Main Photo © Seb Schieck/Specialized
When most road cyclists think of the fastest downhill mountain bikers in the world the image that typically comes to mind is the polar opposite of the serious roadie. The truth is that these athletes spend quite a bit of time wearing Lycra riding road bikes as they train to improve their endurance. Chief among these athletes is UCI Downhill Mountain Bike World Champion, Loïc Bruni. We caught up with Loïc between World Cup rounds to learn how he uses his road bike for training as well as what his thoughts are on road disc brakes, electronic shifting, who inspires him, and a lot more.
When and how did you start riding?
I started with my dad when I was a little kid and then followed him everywhere. I made friends and we just kept riding and loved it until nowadays.Photo © Seb Schieck/Specialized
What three words describe you the best as a person?
Emotional, thoughtful, simple.
How much time do you spend training on your road bike? And what role does road riding play in your training regimen?
Most of it is in the winter, twice a week, longer rides early off-season and then short trainings as the season approaches. It is short compared to real roadies, but more based on power. It's a good way to train and to feel your fitness.
Can you tell us about the specific workouts you do on your road bike?
I do three-hour rides until late November, then long intervals, and then it gets more and more intense. I do a lot of training based on sprints and resistance.
Where’s your favourite place to train on your road bike?Loïc Bruni's SRAM RED eTap-equipped Specialized S-Works Venge Vias Photo © Seb Schieck/Specialized
The road bike is not as fun as the MTB, but you can enjoy the landscapes more. Where I live, in the south of France I have the best roads and views. I love going to little villages like Tourettes Sur Loup near my house.
How does SRAM RED eTap compare to mechanical shifting in your opinion? And what do you like most about eTap?
It is so sick! When I first got it I thought I’d be lost, but the system is so instinctive and easy to use. I directly knew how to shift up and down. The precision is crazy and the smoothness is too. I love it, and having no wires looks so beautiful on my Venge.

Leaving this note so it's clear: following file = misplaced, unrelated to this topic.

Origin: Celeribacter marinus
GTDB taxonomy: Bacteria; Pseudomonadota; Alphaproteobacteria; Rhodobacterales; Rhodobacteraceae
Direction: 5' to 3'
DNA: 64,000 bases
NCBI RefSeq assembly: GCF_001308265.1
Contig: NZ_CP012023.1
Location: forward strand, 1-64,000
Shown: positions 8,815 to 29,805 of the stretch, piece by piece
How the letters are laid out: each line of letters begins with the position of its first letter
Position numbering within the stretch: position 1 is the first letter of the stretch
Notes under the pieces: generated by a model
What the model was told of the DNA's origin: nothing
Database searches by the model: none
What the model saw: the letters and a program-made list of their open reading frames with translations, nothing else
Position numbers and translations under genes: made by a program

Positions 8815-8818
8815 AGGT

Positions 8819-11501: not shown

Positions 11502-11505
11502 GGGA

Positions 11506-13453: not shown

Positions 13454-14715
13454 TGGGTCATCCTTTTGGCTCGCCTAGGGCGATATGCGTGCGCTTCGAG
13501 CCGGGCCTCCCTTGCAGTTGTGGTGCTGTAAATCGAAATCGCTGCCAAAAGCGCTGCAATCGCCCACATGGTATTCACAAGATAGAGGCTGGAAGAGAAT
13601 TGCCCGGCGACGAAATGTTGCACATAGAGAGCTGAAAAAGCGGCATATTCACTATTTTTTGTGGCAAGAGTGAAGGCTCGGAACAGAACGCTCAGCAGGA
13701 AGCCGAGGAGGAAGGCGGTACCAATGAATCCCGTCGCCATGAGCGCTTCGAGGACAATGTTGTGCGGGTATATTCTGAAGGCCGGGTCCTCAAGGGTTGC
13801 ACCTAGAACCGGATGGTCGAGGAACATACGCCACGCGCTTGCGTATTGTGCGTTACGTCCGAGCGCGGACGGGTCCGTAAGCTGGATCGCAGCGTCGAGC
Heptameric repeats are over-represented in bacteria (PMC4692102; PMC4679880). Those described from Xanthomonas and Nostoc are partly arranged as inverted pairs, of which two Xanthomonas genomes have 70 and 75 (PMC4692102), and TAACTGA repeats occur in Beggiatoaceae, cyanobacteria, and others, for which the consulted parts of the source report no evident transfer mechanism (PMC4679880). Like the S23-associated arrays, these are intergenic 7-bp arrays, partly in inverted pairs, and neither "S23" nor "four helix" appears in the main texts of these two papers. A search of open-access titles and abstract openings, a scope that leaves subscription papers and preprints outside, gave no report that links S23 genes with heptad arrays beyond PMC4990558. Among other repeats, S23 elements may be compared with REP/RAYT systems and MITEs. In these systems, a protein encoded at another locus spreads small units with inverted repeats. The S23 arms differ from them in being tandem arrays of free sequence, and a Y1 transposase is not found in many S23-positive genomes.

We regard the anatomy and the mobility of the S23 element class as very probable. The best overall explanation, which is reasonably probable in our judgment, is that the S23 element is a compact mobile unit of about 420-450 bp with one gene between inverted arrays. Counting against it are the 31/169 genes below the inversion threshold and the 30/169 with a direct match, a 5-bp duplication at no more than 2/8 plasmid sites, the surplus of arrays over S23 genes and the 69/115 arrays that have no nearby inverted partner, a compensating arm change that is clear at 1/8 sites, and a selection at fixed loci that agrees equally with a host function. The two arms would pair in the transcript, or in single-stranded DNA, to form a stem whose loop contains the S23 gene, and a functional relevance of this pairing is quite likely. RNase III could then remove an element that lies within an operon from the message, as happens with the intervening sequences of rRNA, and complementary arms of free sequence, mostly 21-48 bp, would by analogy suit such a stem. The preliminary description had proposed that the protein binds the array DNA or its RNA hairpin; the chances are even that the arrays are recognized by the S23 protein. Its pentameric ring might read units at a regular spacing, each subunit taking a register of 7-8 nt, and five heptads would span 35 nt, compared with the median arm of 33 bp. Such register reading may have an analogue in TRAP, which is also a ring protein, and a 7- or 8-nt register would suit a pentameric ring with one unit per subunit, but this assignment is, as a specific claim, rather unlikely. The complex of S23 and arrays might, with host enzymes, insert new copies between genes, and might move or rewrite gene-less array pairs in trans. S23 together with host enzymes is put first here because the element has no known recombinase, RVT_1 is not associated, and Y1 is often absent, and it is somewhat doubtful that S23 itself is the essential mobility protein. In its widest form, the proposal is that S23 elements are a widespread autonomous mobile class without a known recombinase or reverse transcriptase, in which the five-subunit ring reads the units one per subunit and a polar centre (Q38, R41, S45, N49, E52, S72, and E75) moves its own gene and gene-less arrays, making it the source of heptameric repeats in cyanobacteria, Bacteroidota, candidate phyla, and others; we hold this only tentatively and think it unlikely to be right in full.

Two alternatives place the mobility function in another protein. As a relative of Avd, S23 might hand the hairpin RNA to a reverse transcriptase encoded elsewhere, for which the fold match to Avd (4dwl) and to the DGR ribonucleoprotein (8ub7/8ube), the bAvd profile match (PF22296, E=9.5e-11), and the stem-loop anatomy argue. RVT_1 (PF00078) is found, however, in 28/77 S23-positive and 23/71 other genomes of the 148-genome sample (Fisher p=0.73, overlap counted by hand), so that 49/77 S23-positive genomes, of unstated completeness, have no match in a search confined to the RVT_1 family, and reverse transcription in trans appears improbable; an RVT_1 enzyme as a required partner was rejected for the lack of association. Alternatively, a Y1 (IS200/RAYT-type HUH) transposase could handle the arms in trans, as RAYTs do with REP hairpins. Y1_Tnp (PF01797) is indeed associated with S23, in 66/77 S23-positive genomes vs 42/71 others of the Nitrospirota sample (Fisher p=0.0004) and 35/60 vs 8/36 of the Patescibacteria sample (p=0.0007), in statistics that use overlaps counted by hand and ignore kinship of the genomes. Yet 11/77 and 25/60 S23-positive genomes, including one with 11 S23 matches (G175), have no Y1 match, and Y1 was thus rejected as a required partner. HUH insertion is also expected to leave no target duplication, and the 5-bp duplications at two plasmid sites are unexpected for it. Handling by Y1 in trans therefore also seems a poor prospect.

Photo © Sven Martin
What are your thoughts about disc brakes on road bikes?
When I was younger I wondered why it did not exist, just as on bmx bikes, but now we have it. It's so much safer I would say. And you can push the speed more on the downhills.
Who inspires you either athletically or personally?
A lot of people. Every time I meet someone there's a kind of admiration. I particularly admire my team manager Laurent, and athletes like Ryan Dungey, or Fabien Barel, people working hard and promoting their faith. But also guys like [Ken] Roczen that know how to train and still enjoy the good things of life.
Photo © Sven Martin
Where do you see yourself at age 60? Still riding your bike?
Yeah. I want to stay fit as long as I can. I would like to have built a beautiful family and to share things I love with my friends. I don't know where in the world, but far from the people ruining our society.
What's your favorite meal?
Crêpes au Nutella.
Where does your nickname “Brownie” come from?
Blenky [Sam Blenkinsop] and some Kiwis, they just can't say my name properly. Haha!
Photo © Sven Martin
What’s your best memory on the bike?
I have heaps, but for a race, probably something like the last World Cup; being able to ride wellstraight after an injury.
If you were not a pro rider what would you do for a living?
I would like to be a student having a nice life with cool activities, and become good at cooking and managing a business like a club or something where I don't get bored. But I’m still a lonely person so I don't know.
Any off the bike hobbies?
Motocross and music. I love when I get to see my good mates too.
What's something we don’t know about you?
Everything Haha! Nah, I’m a pussy when it comes to jumping in the water from high cliffs!